The term "world music" is being used to loosely describe non-Western music that was previously described as "folk music" or "ethnic music". Reporting for VOA from London, Tendai Maphosa reports world music also includes modern, cutting edge pop music styles from various regions of the world.
Twenty years ago a group of British record company executives got together in London and coined the term "world music" to describe music other than mainstream western pop. They were frustrated by the fact that a growing number of people interested in music "from out there," as some describe it, could not find it because record stores did not know how to file and categorize it.
The editor of fRoots magazine, Ian Anderson, told VOA that World Music was, and still is, no more than a bin in a record shop.
"All it ever was was a way of creating opportunities [that] could be heard by people," he said. "Nobody ever suggested there was a thing called "World Music." In fact at the first meeting we tried to find the term that included the most things and excluded the least, so Tropical because that missed out ... Ethnic was boring or World Beat because that left out stuff that did not have drums."
Anderson added none of those responsible for creating the term ever imagined world music would become such accepted currency in most parts of the West. He said artists who otherwise were not given any respect in their own countries are now looked at differently after touring or doing the World Music Festival circuit. And having a World Music section in most record stores has resulted in higher sales.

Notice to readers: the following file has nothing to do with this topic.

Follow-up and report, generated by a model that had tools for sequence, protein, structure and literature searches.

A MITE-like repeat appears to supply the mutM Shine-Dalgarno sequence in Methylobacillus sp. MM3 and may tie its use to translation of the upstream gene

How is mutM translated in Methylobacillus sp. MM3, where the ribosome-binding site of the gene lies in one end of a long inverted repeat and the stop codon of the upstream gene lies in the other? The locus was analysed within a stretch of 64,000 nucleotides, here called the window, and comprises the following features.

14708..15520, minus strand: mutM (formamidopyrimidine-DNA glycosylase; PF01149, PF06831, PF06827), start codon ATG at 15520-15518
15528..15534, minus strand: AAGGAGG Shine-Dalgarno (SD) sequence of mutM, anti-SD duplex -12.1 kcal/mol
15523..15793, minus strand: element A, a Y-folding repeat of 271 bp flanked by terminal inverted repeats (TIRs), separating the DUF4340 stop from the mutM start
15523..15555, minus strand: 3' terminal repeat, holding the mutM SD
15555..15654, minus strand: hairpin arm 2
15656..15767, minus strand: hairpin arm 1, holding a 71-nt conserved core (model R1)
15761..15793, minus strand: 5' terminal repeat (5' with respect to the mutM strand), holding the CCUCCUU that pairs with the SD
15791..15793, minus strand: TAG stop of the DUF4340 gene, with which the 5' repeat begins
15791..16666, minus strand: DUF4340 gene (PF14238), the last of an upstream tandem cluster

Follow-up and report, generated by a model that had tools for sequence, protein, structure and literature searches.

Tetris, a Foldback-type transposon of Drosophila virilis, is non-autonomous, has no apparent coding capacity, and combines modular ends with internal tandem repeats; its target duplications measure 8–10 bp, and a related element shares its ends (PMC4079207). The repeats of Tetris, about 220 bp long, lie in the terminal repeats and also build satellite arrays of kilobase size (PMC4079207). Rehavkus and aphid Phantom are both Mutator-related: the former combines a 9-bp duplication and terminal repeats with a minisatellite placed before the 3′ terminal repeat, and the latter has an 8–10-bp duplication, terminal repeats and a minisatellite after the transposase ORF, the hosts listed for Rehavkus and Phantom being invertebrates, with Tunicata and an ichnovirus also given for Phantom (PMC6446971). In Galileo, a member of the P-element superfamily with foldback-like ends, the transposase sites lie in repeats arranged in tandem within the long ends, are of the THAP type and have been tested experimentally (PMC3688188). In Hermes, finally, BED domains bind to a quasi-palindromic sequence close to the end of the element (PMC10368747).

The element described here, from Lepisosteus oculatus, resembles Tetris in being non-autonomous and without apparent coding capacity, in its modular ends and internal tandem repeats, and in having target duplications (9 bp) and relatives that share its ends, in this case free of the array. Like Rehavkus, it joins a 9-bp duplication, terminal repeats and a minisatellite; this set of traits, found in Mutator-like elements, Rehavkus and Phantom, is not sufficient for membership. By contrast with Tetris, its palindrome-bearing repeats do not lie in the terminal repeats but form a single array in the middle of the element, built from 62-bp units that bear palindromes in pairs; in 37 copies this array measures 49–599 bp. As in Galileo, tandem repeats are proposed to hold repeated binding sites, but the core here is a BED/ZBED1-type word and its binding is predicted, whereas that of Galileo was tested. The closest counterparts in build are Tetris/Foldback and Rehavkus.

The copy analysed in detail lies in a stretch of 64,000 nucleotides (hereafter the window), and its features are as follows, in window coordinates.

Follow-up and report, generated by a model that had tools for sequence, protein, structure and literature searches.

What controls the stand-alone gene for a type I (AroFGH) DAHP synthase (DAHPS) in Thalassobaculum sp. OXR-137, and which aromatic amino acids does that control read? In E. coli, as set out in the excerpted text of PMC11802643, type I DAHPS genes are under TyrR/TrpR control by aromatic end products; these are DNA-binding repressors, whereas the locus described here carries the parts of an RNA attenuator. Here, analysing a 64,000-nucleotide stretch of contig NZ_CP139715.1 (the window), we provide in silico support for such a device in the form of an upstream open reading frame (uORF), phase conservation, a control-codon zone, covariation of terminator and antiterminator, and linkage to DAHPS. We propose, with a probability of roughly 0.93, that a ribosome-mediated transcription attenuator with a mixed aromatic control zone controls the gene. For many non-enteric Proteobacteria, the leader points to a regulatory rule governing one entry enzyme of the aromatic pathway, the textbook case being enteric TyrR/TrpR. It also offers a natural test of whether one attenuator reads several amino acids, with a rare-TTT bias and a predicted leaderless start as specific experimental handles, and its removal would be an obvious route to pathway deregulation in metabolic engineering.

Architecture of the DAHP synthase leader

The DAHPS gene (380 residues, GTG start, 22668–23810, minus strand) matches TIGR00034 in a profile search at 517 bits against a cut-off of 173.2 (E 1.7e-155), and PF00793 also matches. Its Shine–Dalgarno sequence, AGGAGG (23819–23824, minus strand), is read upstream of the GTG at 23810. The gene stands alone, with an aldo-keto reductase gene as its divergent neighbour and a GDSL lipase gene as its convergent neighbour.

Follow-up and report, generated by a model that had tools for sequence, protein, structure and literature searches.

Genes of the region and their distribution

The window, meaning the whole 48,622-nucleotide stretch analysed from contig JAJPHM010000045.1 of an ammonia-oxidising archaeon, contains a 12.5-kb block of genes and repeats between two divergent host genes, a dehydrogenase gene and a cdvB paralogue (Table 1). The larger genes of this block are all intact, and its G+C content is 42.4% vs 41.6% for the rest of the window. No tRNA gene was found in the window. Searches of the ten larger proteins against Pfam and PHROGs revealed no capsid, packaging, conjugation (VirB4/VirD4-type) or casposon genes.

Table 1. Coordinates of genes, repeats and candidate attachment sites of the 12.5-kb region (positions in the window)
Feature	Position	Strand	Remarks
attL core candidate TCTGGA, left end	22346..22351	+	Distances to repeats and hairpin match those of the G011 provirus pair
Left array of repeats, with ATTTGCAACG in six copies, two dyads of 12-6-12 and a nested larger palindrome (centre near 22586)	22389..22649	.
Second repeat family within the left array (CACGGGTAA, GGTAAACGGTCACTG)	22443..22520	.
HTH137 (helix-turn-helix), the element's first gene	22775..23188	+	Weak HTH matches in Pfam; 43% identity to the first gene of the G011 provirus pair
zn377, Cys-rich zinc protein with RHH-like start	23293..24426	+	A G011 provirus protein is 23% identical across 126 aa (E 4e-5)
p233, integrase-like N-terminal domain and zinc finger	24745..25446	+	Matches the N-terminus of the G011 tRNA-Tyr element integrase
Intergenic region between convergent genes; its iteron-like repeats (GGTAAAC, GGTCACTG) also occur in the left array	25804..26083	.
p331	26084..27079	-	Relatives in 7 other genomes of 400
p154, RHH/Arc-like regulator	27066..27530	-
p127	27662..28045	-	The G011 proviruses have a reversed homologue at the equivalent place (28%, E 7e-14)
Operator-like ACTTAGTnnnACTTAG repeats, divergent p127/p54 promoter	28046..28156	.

The term has also been adopted by the BBC to recognize the efforts of local musicians around the world. Its sixth-annual Awards for World Music honored the best local music from five geographical categories: Africa, the Americas, Asia-Pacific, the Middle East and North Africa, and Europe.
For example, Canadian-based Somali rapper K'Naan was honored as newcomer of the year. K'Naan was born in Mogadishu and escaped from Somalia to Canada with his family.
The winner of the Asia-Pacific category was India's slide-guitar maestro Debashish Bhattacharya. He said world music has given him a platform to promote his art.
"I have [a] different variety of inspiration in my life, but this is a special inspiration when I am working to bring Indian raga music into the world genre since ... the last 15 years," he said.
But not everyone agrees with the use of the term. Some musicians say music is music, and their records should be filed along with western music not separated.
Former Talking Heads front man David Byrne launched one of the most scathing attacks on the term in a 1999 article headlined "I Hate World Music." He accused its creators of "ghettoizing" the music.
Anderson dismisses the musicians who resent the use of the term, saying it has not harmed the careers of good musicians. As for Byrne, his record label Luaka Bop now uses the term on its Web site, so he may have changed his mind.
But the term is hardly used or even known in most of the places where the music it describes originates.
Yusuf Mahmoud, who promotes a festival of traditional Zanzibari music, and Hildegard Kiel, who runs a music school on the island, are trying to revive interest in Zanzibari traditional music, which was falling out of favor as people preferred western music.
"The term 'world music' seems to be something, which is kind of understood perhaps in different ways by the foreign visitors to the island, particularly from Europe and also maybe North America, but for Tanzanian people I can honestly say the term 'world music' means nothing," Mahmoud said.
Mahmoud and Kiel were also among those given awards by the BBC's Radio 3, as was the late Malian king of the desert blues, Ali Farka Toure, who won two Grammies before he died of cancer in 2006.